Remember when conservatives tried to blame the subprime mortgage crisis on poor people and minorities? According to the conservatives’ narrative, a 1977 law called the Community Reinvestment Act caused all of our problems by encouraging the extension of credit to poor people and minorities. The problem with that argument was that the vast majority of subprime loans were made by institutions that were not subject to the CRA, and studies have shown that the act has actually increased the amount of responsible lending to poor families. Even the Federal Reserve has posted research explaining that the CRA argument is bogus.
So why, then, do we keep hearing about poor people and minorities defaulting on subprime loans? Because, as it turns out, subprime lenders didn’t need any encouragement to make predatory loans to people they thought they could easily exploit. The New York Times reports:
As she describes it, Beth Jacobson and her fellow loan officers at Wells Fargo Bank “rode the stagecoach from hell” for a decade, systematically singling out blacks in Baltimore and suburban Maryland for high-interest subprime mortgages… Wells Fargo, Ms. Jacobson said in an interview, saw the black community as fertile ground for subprime mortgages, as working-class blacks were hungry to be a part of the nation’s home-owning mania. Loan officers, she said, pushed customers who could have qualified for prime loans into subprime mortgages. Another loan officer stated in an affidavit filed last week that employees had referred to blacks as “mud people” and to subprime lending as “ghetto loans.”
The city of Baltimore and the NAACP are among several parties suing Wells and other banks over these and similar lending practices. Wells Fargo, of course, denies the charges. But the affidavits the Times story highlights are incredibly damning. Perhaps the most disturbing allegation is that it was common practice to steer families who were eligible for prime loans into hugely more expensive subprime loans:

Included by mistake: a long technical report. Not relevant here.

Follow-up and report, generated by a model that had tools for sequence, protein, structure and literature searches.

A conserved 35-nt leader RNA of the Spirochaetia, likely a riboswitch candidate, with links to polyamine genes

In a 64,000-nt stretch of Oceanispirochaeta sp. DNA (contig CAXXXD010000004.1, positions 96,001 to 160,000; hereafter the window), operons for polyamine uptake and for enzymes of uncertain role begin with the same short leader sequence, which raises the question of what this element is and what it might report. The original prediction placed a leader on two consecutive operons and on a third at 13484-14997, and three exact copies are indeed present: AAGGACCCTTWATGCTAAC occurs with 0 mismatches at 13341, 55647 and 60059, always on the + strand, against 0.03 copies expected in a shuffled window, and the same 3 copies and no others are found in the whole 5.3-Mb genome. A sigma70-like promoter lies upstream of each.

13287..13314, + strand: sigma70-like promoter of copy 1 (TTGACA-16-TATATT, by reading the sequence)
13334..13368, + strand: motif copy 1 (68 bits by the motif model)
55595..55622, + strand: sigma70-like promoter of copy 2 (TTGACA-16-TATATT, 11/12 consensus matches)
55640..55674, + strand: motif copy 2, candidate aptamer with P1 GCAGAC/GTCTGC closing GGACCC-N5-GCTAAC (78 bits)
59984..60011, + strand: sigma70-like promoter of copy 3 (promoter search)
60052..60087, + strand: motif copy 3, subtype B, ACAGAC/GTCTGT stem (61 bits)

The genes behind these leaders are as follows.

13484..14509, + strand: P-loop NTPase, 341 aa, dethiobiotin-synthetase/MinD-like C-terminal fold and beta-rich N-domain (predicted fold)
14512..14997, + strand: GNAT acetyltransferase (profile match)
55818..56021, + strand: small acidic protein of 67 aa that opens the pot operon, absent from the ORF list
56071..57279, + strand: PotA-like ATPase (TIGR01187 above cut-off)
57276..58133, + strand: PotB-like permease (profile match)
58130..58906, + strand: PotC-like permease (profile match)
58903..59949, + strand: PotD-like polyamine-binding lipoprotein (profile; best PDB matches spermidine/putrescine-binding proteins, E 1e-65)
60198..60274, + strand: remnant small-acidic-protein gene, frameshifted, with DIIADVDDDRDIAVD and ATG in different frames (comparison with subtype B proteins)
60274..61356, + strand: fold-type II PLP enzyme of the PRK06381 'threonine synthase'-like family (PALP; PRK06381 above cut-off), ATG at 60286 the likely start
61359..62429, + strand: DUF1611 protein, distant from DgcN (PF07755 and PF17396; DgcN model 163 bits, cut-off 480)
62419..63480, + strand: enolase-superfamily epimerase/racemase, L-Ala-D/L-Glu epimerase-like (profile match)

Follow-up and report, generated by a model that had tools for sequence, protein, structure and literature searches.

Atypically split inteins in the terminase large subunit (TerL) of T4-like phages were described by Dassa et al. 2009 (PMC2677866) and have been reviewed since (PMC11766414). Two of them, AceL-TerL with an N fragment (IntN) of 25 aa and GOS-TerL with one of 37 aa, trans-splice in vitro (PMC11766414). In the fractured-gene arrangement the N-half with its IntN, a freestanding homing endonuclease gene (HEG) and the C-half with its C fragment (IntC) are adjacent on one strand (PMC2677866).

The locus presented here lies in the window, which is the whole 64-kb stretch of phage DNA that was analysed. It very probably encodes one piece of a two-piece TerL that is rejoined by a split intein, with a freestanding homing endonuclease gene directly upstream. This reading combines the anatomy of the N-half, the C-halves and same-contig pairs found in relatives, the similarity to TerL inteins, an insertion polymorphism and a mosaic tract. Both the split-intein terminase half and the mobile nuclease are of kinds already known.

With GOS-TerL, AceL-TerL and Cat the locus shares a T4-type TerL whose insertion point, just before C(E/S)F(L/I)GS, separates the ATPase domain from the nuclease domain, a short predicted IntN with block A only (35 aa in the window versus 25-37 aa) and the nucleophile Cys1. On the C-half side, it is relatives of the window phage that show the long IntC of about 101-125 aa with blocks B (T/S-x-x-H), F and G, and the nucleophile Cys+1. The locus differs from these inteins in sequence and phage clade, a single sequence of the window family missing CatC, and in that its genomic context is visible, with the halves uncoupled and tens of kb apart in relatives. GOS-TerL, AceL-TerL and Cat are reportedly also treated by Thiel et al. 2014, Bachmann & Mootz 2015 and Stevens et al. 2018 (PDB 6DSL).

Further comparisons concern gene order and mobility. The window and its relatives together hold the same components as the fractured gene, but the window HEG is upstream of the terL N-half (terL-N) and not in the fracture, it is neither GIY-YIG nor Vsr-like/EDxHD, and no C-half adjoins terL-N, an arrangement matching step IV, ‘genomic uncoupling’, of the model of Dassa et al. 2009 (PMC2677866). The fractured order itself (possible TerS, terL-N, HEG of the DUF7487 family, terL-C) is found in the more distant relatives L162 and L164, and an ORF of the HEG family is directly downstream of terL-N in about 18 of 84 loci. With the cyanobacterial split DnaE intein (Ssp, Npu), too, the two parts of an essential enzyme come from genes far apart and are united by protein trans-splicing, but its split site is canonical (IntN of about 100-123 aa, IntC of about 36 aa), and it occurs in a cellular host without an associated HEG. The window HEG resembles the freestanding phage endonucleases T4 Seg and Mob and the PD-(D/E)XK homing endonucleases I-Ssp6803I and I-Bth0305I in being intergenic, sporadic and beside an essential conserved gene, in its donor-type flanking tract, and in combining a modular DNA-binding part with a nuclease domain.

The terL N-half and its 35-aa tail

Loan officers employed other methods to steer clients into subprime loans, according to the affidavits. Some officers told the underwriting department that their clients, even those with good credit scores, had not wanted to provide income documentation.
“By doing this, the loan flipped from prime to subprime,” Ms. Jacobson said. “But there was no need for that; many of these clients had W2 forms.”
Other times, she said, loan officers cut and pasted credit reports from one applicant onto the application of another customer.
These practices took a great toll on customers. For a homeowner taking out a $165,000 mortgage, a difference of three percentage points in the loan rate — a typical spread between conventional and subprime loans — adds more than $100,000 in interest payments.
If this is true, there’s a word for it: evil.